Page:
Little did Pilate imagine that this Jewish mob would, when given the choice, prefer a cold-blooded killer over a man Who went about doing good, and against Whom no charge of wrong could be levied. Oh yes, Barabbas was a "notable" prisoner; no doubt a seditionist, a zealot who hated Rome and Rome's occupation of the Promised Land. Somewhere in the recesses of the not-too-distant past this man had taken someone's life. Arrested, tried, and convicted he was confined to a prison in Jerusalem to await his execution by crucifixion. Here was a murderer, a seditionist, deserving of the death that awaited him along with the two thieves who would eventually be crucified with Christ. Little did Barabbas imagine that in the early hours of the very day of his scheduled execution he would be granted not only a stay of execution, but a full release from prison. In an attempt to appease the angry mob, Pilate offered the Jews a choice. Knowing the Jews had delivered up Jesus out of je alousy, he asked, "Who shall I release to you? Jesus, or Barabbas." It is rather ironic that the name "Barabbas" means "son of father" ("Bar" meaning "son of," and "abba" meaning "father"). That dark night in Jerusalem, Israel was given the choice between two men as to whom they would accept, and whom they would reject. Jesus was the Son of the Father of all men; Barabbas the son of some unnamed man. Was Barabbas' earthly father still alive? Did he live in Jerusalem? Was he aware of the fate of his son, and the turn of events that would set this man free? No information is provided. But this we know about the "father" of each of these men. The father of one, if alive, or even aware of his son's life, must have hung his head in shame. The Father of the Other was "well pleased" with the love and obedience demonstrated by His Son's short thirty-three year earthly tenor.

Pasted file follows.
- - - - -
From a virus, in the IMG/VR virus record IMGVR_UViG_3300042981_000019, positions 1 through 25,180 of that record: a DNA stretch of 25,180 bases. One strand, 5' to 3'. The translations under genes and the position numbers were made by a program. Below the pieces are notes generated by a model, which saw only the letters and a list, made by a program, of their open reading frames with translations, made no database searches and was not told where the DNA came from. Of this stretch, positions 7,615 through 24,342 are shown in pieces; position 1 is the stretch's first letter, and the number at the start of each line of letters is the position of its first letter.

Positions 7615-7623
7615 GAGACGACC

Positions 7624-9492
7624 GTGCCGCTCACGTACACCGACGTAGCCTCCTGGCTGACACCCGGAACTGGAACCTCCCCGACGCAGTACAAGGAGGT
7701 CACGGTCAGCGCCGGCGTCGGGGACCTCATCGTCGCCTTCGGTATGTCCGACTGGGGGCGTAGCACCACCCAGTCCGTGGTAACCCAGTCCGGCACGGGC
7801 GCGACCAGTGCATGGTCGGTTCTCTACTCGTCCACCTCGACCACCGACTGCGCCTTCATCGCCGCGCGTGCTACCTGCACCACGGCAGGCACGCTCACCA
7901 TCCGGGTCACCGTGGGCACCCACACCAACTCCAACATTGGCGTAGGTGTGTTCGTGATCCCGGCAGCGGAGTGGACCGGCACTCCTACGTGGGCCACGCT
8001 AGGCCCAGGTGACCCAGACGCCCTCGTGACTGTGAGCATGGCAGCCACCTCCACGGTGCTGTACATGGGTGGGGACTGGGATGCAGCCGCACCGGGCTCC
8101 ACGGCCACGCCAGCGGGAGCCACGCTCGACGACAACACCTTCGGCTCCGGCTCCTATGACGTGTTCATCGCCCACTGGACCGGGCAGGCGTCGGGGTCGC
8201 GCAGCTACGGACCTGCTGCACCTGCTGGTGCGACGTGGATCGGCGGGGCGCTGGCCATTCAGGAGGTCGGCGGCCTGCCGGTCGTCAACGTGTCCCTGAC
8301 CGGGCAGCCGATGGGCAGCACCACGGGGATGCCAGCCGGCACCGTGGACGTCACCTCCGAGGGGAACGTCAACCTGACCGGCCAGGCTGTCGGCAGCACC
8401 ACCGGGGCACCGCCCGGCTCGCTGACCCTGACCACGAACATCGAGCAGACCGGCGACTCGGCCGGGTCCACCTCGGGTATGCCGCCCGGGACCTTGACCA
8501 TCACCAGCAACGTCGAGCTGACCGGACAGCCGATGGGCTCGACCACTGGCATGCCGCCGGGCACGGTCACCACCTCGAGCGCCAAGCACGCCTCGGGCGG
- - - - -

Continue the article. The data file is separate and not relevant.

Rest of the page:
To appease the crown, Pilate gave the mob a choice: Jesus or Barabbas! The governor must have been shocked to hear that the people preferred this vile, wicked murderer to Jesus. But that is the choice they made. And their choice echoes through the halls of history revealing the extreme to which men will go when they are determined to rid their lives of Jesus. The atheist selects Barabbas over Jesus when he rejects the abundant evidence of the existence of God and deity of Jesus. He plays the fool (Psa. 14:1) and willfully closes his eyes to the abundant "proofs" that declare the glory of God and shows His wonderful handiwork (Psa. 19:1). In exchange he offers nothing to the world but a bleak outlook on life and an eternity filled with hopeless non existence.
The profligate likewise selects Barabbas over Jesus when he follows in the footsteps of that notorious criminal who had little respect for life and no respect for authority. Desiring to live a life of debauchery, the profligate rejects every attempt to reign in a life that is out of control, and chooses instead to continue his journey into the dark night of indulgence and self pleasure.
The unethical abortionist, unloving mother, and uncaring society select Barabbas over Jesus every time a baby is torn from his mother's womb and the masses of a society remain silent without so much as a whimper or wailing cry! Right and wrong mean nothing, and the value of human life even less to those who chose Barabbas over Jesus so that they might escape the responsibility that comes with bringing a child into this world.